When you buy an MDHearingAid product, you’re skipping over the consultation part and buying what amounts to a plug-and-play style of product. Think of MD’s hearing aids like prescription glasses you buy at a supermarket: no consultation needed. You just pick the ones you like the best and you’re set. Will those glasses be a perfect fit with perfect magnification? The chances are slim.
The same principles apply to MDHearingAid and other hearing devices you buy through a website without a consultation. You have to go into the purchase knowing you aren’t getting a custom solution, just a general one (this is what’s known as direct-to-consumer).
But this is exactly the kind of consumer behavior that five national hearing-aid associations warned against in a recent joint statement. They acknowledged the growing direct-to-consumer market, but reiterated the importance of:
- A comprehensive hearing evaluation performed by a hearing health professional
- Being appropriately fitted by an individual licensed/registered in the state to dispense hearing aids
- Scheduling follow-up sessions with a professional to make sure the hearing aid fits well and is being used the right way
Based on our research, we think the best-case scenario is to buy hearing aids that fit you well and will last a long time. However, we know that not everyone is in the financial position to pay $4,400 for hearing aids.
To Dr. Cherukuri’s credit, he told the Chicago Tribune that his product isn’t intended to be a perfect fit, but a solid alternative to more expensive devices.
What do you do if you can’t afford a hearing aid that’s customized for your ears? You look for a direct-to-consumer hearing aid that has a reliable reputation.
What are Other People Saying About MD Hearing Aid?
MDHearingAid’s web presence is moderate...there’s not a lot out there, but there are some reviews about how the product performs.
Consumer Affairs has five reviews of the company: three one-stars, a three-star and a five-star. The low scores were given by reviewers who complained about the sound quality and durability of the hearing aids, as well as the difficulties they had speaking with MDHearingAid customer service reps.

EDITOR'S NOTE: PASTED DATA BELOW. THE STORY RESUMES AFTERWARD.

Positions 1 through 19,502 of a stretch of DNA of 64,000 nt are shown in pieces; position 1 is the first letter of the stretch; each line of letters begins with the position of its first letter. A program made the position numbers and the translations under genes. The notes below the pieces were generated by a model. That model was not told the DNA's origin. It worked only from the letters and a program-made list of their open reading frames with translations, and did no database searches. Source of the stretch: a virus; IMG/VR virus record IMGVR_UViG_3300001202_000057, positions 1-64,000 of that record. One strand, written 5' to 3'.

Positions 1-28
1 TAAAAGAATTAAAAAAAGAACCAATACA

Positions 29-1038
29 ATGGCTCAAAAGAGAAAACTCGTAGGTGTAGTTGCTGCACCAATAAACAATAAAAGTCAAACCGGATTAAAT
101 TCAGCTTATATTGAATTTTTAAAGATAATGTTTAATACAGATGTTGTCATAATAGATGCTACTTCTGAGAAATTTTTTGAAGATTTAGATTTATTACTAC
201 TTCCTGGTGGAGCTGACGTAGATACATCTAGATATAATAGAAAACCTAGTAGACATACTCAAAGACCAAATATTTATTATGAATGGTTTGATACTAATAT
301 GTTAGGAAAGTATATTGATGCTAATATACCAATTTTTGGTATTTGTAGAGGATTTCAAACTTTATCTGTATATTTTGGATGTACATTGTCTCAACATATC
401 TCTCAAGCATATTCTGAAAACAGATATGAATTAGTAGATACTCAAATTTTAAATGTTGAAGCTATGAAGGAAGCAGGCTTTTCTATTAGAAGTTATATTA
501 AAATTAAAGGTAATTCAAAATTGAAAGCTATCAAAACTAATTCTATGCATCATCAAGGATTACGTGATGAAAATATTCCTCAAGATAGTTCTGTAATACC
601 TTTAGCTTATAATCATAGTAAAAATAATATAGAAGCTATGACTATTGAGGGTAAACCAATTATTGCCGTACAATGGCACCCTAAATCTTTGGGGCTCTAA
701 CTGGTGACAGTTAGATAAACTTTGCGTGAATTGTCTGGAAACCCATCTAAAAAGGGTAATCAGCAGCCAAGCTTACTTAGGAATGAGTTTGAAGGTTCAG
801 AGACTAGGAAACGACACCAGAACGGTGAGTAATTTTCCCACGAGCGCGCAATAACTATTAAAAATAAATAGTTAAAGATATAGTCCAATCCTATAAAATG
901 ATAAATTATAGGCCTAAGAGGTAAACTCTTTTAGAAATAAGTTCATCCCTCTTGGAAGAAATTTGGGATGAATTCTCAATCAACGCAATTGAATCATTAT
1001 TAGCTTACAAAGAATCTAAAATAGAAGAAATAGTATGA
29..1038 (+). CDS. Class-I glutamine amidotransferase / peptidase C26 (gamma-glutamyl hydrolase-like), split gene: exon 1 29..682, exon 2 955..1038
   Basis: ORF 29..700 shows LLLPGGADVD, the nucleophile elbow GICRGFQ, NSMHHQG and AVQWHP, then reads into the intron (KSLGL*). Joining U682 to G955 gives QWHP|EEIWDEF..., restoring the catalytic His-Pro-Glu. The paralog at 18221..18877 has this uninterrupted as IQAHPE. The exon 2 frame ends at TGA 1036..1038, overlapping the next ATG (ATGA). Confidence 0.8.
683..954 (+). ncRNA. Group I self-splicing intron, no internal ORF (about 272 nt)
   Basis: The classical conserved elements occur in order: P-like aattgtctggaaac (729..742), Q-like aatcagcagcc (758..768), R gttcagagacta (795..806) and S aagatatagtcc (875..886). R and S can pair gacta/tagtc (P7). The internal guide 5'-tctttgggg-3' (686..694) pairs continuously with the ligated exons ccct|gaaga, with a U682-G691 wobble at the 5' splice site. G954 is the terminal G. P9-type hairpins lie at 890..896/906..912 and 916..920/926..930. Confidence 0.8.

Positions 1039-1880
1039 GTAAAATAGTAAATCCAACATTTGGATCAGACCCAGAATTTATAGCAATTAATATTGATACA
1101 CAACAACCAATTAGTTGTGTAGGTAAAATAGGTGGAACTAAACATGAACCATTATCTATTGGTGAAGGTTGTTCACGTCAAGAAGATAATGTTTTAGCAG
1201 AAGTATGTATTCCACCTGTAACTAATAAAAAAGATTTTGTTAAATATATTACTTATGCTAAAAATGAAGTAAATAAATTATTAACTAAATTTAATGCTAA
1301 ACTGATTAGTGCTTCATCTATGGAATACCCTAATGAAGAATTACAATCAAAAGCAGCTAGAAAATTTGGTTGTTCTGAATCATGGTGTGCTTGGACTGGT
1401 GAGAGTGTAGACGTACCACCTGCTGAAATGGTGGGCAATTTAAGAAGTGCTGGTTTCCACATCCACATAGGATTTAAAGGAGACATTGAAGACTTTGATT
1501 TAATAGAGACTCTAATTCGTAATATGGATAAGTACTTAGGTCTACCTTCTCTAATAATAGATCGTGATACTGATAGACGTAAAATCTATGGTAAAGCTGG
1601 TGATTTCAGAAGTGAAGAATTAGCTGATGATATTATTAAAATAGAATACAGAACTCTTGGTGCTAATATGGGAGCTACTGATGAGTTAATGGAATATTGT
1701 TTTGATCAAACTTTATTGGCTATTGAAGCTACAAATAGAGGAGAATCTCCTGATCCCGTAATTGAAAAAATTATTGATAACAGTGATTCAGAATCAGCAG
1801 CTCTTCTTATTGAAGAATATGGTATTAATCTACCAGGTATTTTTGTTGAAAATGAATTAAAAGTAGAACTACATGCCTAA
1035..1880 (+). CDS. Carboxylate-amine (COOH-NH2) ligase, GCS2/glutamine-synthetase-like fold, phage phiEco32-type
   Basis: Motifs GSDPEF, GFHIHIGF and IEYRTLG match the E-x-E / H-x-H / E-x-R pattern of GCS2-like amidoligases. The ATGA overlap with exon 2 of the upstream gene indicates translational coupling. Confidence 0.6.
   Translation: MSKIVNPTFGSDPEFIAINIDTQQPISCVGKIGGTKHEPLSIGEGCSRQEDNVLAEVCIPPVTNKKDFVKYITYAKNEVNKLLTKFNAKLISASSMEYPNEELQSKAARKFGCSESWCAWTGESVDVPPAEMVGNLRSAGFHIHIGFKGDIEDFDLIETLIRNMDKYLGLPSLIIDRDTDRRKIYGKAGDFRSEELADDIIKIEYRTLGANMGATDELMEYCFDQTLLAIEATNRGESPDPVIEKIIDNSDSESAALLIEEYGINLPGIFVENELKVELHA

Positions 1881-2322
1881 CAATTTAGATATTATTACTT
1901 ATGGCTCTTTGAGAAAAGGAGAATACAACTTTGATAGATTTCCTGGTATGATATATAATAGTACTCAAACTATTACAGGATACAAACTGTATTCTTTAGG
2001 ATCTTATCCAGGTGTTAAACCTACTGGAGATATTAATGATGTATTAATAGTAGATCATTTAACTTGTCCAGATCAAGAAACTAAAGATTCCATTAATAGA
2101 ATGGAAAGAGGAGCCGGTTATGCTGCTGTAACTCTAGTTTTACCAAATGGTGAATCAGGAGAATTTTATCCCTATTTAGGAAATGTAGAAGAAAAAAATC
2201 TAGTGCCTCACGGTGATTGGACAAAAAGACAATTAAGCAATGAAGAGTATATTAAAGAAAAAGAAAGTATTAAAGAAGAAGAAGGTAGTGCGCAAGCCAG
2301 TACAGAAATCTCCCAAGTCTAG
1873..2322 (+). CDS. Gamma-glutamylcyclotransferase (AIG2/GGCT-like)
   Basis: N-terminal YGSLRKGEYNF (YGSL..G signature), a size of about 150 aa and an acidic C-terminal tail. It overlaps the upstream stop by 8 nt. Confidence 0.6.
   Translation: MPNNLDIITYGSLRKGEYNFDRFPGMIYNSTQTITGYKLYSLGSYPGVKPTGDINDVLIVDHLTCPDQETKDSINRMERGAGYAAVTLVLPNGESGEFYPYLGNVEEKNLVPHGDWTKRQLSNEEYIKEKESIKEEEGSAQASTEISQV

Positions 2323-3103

We went to Amazon to find reviews on the company’s products, but were unable to find any hearing aids. We did find MDHearingAid accessories (carrying cases, batteries, etc.), but no hearing devices. However, when you go to the company’s website, they have screenshots of Amazon reviews from three and four years ago.
Since we don’t know what kinds of changes the devices have received over the past few years, it’s hard to say if the old reviews accurately reflect the new product.
The company also has five reviews on its Better Business Bureau page. Four of those reviews are positive, while one is neutral. The positive reviews talked about how nice it was to have a hearing aid that works well at a fraction of the cost of other devices.
Our Conclusions: Take a Chance or Pass?
When we approach a direct-to-consumer product like MDHearingAid devices, we think it’s important that the consumer asks a few questions:
- Who makes them and what’s their story?
- What products do they sell and how well do they work?
- What are other people saying about them?
Getting these answers can help you get a pretty good idea of how reliable the company is and what you can expect from their products and customer service team.
After thinking through our research on MDHearingAid, we’d say that you’re probably better off widening your search to competing hearing aids.
It concerns us that it was difficult to find out where their hearing aids are made. It’s been our experience that the harder it is to find information, the more likely it is that the company doesn’t want you to know the information you’re searching out.
We could be completely wrong on this hunch, but our better judgment tells us that we’re probably on to something. MD’s website and customer service team says their team is based in Chicago and their products are built and shipped in Detroit, but after chatting with an online rep we discovered some inconsistencies about where and how the hearing aids are made.
We’re not saying that you should avoid MD at all costs, but we are saying you should keep your options open.
Consumer Reports wrote an excellent buying guide for hearing aids, so we suggest reading through their tips before heading out to buy a new device.
1 out 1 people found this review helpful
I have a "lux" model, and it's more garbage than lux. Why?
1. Poor fit in ears. (I phoned. The agent said to return the aids and they may be able to do something.)
2. There is a system of four different operating systems, which is the main reason I bought this. One of those four supposedly reduces the noise of surrounding sounds. Supposedly for each of the four systems, a voice comes on announcing which system I just picked. Well, the only sound was a faint tonal one, no speech that I could detect. The agent said they'd install a ring system (1-4 rings depending on which I picked. Fine with me).
3. No indication of which is for left and which for right ear except on the sleeve each is wrapped in. But once the aids are outside the sleeves I can't tell which is left or right. (The agent said to look on the tubing. I looked and looked. Nada. She said they'll check it.)
There were a few other, minor things. The agent said she'd have an email with a return label sent me. That was around noon today. It is now 6 pm. No email. I suspect this outfit is not honest. The sales agent and the customer support lady were friendly and most pleasant. I guess that's the window dressing.
Bottom Line: No, I would not recommend this to a friend